German artist Peter Zimmerman is best known for his paintings that use liquid epoxy resin as a medium. Pigmented and poured by the bucket onto canvases, the resin has the appearance of liquid sugar and Zimmerman’s finished works look like translucent candy or colored glass.
Zimmerman’s most recent exhibition as of this writing saw the artist flooding several rooms of the Museum für neue Kunst in Freiburg, Germany with his colored resins, giving the floors a liquid look and allowing visitors to feel as though they were walking on water. For such a work, it’s likely that Zimmerman would have done most of the work on site.
Like Helen Frankenthaler, the act of pouring liquid colours onto a canvas is integral to Zimmerman’s practice. In the above photo, it’s clear that he probably moves between different paintings throughout a work day, pouring resin onto one and then working on another while it sets. In addition to epoxy, Zimmerman also uses airbrushing techniques to enhance the look and color of the works, adding extra depth and dimension. With all this molten epoxy and airbrush painting, I’m sure respirators are a must in Zimmerman’s studio.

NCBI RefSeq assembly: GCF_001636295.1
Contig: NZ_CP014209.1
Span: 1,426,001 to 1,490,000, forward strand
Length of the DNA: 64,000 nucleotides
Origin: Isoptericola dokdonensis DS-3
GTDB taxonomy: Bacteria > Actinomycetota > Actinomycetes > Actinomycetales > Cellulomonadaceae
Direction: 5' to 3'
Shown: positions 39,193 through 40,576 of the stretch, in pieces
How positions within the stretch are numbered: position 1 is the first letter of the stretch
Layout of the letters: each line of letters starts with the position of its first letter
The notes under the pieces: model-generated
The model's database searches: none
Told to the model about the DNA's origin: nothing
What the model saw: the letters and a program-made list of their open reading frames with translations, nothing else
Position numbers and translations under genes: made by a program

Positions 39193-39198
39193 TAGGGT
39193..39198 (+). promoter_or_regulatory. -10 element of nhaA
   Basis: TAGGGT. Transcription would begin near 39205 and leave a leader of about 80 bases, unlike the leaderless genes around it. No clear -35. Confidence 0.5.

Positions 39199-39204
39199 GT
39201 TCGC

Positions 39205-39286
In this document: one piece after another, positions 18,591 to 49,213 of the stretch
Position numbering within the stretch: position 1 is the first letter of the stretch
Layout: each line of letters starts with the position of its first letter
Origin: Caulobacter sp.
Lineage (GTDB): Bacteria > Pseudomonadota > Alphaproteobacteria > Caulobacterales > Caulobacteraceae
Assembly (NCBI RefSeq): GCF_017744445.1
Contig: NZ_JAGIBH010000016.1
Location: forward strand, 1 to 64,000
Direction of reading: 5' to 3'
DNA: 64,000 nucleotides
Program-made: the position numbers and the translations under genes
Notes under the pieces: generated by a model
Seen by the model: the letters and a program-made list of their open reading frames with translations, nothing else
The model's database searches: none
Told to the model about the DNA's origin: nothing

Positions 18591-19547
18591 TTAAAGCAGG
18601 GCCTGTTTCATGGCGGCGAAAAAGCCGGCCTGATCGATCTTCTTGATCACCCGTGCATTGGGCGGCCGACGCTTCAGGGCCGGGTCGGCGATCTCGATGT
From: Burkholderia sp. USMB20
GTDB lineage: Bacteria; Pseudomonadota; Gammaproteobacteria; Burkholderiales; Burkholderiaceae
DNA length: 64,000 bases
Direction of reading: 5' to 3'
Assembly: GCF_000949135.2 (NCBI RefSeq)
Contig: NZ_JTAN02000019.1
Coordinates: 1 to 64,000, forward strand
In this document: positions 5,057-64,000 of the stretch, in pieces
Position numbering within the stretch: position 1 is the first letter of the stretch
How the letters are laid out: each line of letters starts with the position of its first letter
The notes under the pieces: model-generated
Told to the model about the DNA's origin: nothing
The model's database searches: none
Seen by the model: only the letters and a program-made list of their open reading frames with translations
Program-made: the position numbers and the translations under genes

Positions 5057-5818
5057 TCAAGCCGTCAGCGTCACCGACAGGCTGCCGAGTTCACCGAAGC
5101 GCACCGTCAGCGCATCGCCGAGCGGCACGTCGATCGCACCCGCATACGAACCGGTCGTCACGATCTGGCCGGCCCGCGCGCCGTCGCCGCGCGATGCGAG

While the works appear completely abstract at first glance, in many cases the artist bases his images on found photographs and magazine ads that he then digitally manipulates until they are unrecognizable abstractions. While it’s difficult to make out in the above photo, I wonder if the separate room at the back of the studio is where some of this planning action might take place. It could also be separated for extra spray-painting procedures.
Zimmerman was born in Freiburg, Germany, and is now based in Cologne. The artist recently collaborated with designers at Make Up Forever to create artwork out of cosmetic lip gloss, a material with properties similar to his usual media of choice.